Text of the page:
It's Michigan versus Minnesota week, at Minnesota, which means one thing. A University of Michigan quarterback is going to have a career day. In 2008, Nick Sheridan was 18 of 30 for 203 yards and a 127.8 QB rating. In 2006, Chad Henne was 17 of 24 for 284 yards, 3 TDs, and a QB rating of 211.5. That may not have been his best performance, but I don't ever remember seeing a QB rating greater than 200. In 2003, John Navarre was 33 for 47 for 353 yards and 2 TDs. During my college years, we put up these scoring numbers at Minnesota: 49, 52, 58, and 44 ('89, '91, '93, '96.)
I guess what I'm saying is, we shouldn't have been surprised by what transpired yesterday, but after that first quarter, I'm betting that I'm not the only one that was shocked by the next three quarters. After 9 consecutive TD-less quarters, we scored 5 in the next 3.
Blog folk. MVictors also made the trip, where he took in the game from the resplendent comfort of the press box. He was also not impressed by Gopher timeliness, and reminded me that I was also astounded by how into the Kiss Cam everyone was.
QUINTON WASHINGTON – To me it seemed like every time a Golden Gopher ball carrier got up from a run up the middle, Big Q was at the bottom of the pile. There may have been some questions about the strength of UM D-Line, but Washington is starting to clog up the middle, making it tough sledding for opponents to run on Michigan this year.
I think one of the hardest things college football fans have to reconcile is the ephemeral nature of players. When you consider depth charts, redshirting, and the like, we may get about three years with them at most, four if we're really lucky. We get to know them, we come to appreciate them for what they can do, and then, like that, as quickly as they came, they are gone, leaving only memories, and occasionally questions of what might have been.
Gardner looked like a Jim Tressel-led Terrelle Pryor: an athletic, tall quarterback being forced to play under center and make plays only when he's asked to while allowing the defense to carry the load. In this game, Gardner was able to do so, but this was against a Minnesota team that allowed 44 points to New Hampshire and 28 to Western Michigan and Purdue. Does Gardner's obvious improvement actually resemble a sustainable winning offense? That's debatable.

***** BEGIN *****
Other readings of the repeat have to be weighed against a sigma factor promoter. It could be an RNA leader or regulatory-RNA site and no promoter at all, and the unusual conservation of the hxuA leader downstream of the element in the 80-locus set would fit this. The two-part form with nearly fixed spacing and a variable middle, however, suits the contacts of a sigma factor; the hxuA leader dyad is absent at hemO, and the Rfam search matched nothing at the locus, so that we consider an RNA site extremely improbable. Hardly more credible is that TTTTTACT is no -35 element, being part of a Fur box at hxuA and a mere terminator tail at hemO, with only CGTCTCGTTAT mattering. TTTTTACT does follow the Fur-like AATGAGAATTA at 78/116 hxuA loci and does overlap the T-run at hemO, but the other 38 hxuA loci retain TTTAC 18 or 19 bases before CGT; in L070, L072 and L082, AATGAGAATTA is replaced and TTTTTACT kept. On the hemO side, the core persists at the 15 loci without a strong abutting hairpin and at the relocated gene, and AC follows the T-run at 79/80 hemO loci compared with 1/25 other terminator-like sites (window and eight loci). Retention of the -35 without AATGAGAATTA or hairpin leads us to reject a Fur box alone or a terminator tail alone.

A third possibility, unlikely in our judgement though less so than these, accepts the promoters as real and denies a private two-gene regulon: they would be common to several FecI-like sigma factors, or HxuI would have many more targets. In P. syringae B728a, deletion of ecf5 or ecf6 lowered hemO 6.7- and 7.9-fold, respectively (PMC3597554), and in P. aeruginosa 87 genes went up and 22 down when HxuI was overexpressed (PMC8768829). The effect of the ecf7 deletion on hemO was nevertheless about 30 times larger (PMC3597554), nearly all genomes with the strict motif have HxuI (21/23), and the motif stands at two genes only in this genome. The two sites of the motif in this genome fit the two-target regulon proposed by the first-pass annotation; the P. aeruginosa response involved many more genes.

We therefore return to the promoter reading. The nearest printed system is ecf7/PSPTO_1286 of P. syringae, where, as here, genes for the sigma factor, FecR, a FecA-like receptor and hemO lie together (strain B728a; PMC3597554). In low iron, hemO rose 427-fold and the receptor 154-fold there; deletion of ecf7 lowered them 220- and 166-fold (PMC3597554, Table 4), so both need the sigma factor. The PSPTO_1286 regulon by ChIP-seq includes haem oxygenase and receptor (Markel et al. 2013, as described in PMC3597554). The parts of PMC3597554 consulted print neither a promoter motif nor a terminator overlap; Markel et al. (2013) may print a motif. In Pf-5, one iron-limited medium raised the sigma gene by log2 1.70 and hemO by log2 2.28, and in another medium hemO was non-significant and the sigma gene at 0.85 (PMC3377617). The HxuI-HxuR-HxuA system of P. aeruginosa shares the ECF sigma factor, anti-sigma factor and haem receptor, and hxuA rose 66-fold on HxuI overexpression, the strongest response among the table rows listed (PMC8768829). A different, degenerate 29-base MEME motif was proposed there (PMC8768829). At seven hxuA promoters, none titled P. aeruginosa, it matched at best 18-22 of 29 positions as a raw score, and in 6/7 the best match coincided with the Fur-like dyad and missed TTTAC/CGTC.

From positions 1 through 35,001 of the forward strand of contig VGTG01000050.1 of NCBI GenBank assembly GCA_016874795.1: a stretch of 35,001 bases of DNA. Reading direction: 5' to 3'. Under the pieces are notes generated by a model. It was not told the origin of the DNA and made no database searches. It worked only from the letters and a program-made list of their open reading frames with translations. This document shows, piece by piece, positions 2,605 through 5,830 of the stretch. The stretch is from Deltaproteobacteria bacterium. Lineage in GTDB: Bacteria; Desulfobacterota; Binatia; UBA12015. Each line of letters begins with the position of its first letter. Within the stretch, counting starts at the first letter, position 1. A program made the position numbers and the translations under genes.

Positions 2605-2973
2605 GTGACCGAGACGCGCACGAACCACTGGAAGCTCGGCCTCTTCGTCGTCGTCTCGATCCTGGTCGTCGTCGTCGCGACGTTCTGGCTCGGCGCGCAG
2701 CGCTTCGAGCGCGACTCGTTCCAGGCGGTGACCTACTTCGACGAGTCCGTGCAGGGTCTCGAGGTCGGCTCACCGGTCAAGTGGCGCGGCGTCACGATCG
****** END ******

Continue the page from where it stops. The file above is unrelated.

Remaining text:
Tremendous bullets. Ditto TTB bullets. Maize and Blue Nation bullets. Maize and Go Blue recap. They're SEOing Drew Dileo's name into post URLs at SBN! (Don't bother with the "RESURGENT POWER RUNNING GAME?!?!?" comment if you hit up that article, as they have been taken care of.) Gopher takes from Fringe Bowl Team and Daily Gopher. I agree with TDG on Phillip Nelson—guy was extremely impressive. Holding the Rope column.
Repeat After Me: There is NO QB CONTROVERSY
After Devin Gardner's amazing game (minus the 1st quarter), I joked on Twitter that the easiest way to identify a so-called "Walmart Wolverine" on sports talk radio this week will be the guy calling in asking if there's a QB controversy now in A2.
There is not.
Devin was outstanding (minus the 1st quarter). He was outstanding by any measure, but more so since he hadn't gotten any meaningful game reps at quarter back since... Illinois 2011? But as soon as he's 100% again, Denard is Michigan's QB this season. Period.
Also yes so hard
Paid folk (and the Daily). Come on Baumgardner diviiiiiide and take into account connnnntext before you praise RB production. Numbers from same. Michigan had its first consecutive 90-yard TD drives ever, which… like… wow.
When Michigan has needed to scramble this year, it has turned to Gardner.